Starting in 1952, Billy Taylor emerged as the progenitor of a new, more elegant style of jazz piano. After forming a critically acclaimed trio, Billy quickly became known for his musical grace and good taste. In some respects, Billy never forgot his fortuitous encounter with Ben Webster at Minton's in 1944. He also was forever indebted to the piano masters of the 1930s and 1940s who took him under their wings. [Photo: Hank O'Neal]
Billy's technique was so remarkable by the mid-1950s that he could effortlessly channel the piano styles of Jelly Roll Morton, Willie "the Lion" Smith, Earl "Fatha" Hines, Duke Ellington, Teddy Wilson and Art Tatum. Or he could shuffle them all together with his own phrasing and emerge with a sound all his own. In this regard, Billy became the trustee of a generational flame, a vital link to past traditions that were flickering by the 1960s.
In Part 5 of my interview series with Billy, the legendary pianist talks about Jackie Paris, Harry Belafonte, Candido, Dizzy Gillespie, Clark Terry, Gerry Mulligan, Creed Taylor and the inspiration for his best-known composition, I Wish I Knew How It Would Feel to Be Free:
JazzWax: You played on the famed Jackie Paris Skylark session in 1953 for Brunswick Records.
Billy Taylor: Jackie was one of those singers who faded out of site after we were on 52nd Street together in the 1940s. I never could understand why he didn't make it. He sang so well on the Street. I guess he couldn’t get off 52nd St. in terms of his vocal style and mindset. There were a lot of musicians around then on the Street who sang well. Everyone expected more of Jackie.
JW: What made Jackie Paris exceptional?
BT: He had a hip, cool sound that was fresh. He was a good ballad singer, and he could play guitar while he sang. Most of all, he had great time, and you felt that immediately. Maybe his problem was his personality. I don’t know. I didn't catch a personality problem. We played often together. I played with a lot of singers during the early 1950s.
JW: Did you play with Harry Belafonte?
BT: Yes, I played for him at Birdland. Harry originally wanted to sing jazz until they shifted him into pop and the West Indian tunes that made him a star. He wanted to go in that direction. He was really an actor who wanted to combine all of that stuff. He was a good singer.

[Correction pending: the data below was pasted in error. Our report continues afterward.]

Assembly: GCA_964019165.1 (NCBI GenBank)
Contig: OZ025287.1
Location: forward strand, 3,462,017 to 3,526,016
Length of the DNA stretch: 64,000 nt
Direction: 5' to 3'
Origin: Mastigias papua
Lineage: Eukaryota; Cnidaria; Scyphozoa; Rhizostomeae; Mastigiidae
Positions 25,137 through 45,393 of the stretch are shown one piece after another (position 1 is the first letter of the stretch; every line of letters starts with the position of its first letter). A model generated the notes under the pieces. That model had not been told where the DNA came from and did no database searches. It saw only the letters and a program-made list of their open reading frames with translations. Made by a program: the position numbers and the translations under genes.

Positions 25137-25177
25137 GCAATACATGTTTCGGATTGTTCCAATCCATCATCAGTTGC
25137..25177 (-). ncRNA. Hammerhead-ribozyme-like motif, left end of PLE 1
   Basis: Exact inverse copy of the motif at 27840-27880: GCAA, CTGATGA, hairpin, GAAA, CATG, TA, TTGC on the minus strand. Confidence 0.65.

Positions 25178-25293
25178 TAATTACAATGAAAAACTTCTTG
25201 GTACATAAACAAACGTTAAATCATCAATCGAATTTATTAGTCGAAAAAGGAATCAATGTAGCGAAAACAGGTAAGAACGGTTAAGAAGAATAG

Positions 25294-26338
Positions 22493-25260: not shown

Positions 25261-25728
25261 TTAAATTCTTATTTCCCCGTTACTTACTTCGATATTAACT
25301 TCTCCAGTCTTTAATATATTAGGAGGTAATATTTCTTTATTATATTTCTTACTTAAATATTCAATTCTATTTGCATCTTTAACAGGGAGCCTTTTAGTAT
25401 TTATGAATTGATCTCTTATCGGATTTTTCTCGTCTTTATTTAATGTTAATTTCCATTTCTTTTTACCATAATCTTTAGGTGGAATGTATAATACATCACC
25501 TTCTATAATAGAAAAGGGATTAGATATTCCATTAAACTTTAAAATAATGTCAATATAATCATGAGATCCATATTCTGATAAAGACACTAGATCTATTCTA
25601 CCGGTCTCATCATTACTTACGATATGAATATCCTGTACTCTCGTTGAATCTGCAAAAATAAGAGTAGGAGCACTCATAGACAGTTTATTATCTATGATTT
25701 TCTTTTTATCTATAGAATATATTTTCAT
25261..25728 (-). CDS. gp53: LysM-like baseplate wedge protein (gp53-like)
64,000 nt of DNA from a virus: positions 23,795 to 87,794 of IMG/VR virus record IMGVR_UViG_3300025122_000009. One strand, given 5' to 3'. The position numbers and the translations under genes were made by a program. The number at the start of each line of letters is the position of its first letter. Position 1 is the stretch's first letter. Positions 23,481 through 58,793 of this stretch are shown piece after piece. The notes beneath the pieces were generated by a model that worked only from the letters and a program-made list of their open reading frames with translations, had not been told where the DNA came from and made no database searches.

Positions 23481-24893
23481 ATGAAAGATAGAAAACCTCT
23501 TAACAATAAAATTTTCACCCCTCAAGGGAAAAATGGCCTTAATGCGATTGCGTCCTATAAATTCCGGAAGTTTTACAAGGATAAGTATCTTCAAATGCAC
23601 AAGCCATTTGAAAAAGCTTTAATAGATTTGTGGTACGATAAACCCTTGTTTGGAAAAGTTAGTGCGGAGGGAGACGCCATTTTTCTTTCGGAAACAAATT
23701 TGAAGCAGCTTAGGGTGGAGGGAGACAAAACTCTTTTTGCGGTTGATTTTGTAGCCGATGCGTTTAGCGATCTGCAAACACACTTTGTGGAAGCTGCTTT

JW: Increasingly, you became in-demand as an accompanist for vocalists.
BT: I enjoyed accompanying singers in those days, trying to make the vocalist sound good. I took a lot of pride in that. My job was to make whoever was out front sound so good that they'd get an encore.
JW: In 1952 you formed your great trio with Earl May on bass and Charlie Smith on drums.
BT: That was one of the best trios I ever led. It was my first real trio. Earl May stayed with me for 12 years. I wish Charlie Smith could have stayed, too. But he couldn't hold his whiskey and soon went on to do other things. By 1954 I replaced hm with Percy Brice.
JW: It was a new sound for you, too. There was more of a mood in your playing.
BT: I had listened to all of the great pianists. I learned from Art Tatum and assimilated many different things from different players. I was able to use all of it at will.
JW: How good were the guys in your trio?
BT: Before we played our Town Hall concert in December 1954. I had added a new song, Theodora, to the program. The song was named after my wife. We were going to play it at Town Hall. The problem was that by the day we were scheduled to appear, I still hadn't written it [laughs].
JW: What did you do?
BT: I ran everyone out and wrote it. I played it once for Earl May before the concert, but he didn't have time to truly learn it. On stage, he was nine feet away, yet he heard what I was playing and responded to it. He and Percy sounded great. That's how intuitive each of us was.
JW: The sound was sensitive and assertive.
BT: At this point, all of the things I had been working on had come to a head. I was in command, and we had come together as a group. That was the beginning of my experience as a leader. I knew what I wanted to do and how to pull the other guys into my frame of mind. That's what a leader does.
JW: But there was a new level of grace and smoothness in your playing.
BT: When I sit down at the piano, in my mind I'm out to play elegantly and to swing. All of my mentors did this—playing the way they were thinking. The way you look and feel is the way you sound. I tried to live up to that.
JW: How did you develop that new sound?
BT: Friends used to come into Birdland and in between sets they'd tell me they were bringing their girlfriends in the next night and asked if I could play some romantic ballads to help get things going [laughs].
JW: In 1954 you recorded with Candido Camero and kicked off a new jazz-Latin combo sound.
BT: I had been playing quite a bit with Latin players for a couple of years. I had played with Machito and Mario Bauza and recorded with guys like Jose Mangual, Frank Colon and Manny Oquendo in my groups. But the sound hadn't caught on yet. Maybe because the Latin artists who played with me had always been used as background percussionists. With Candido, we were musical partners, which is what listeners responded to.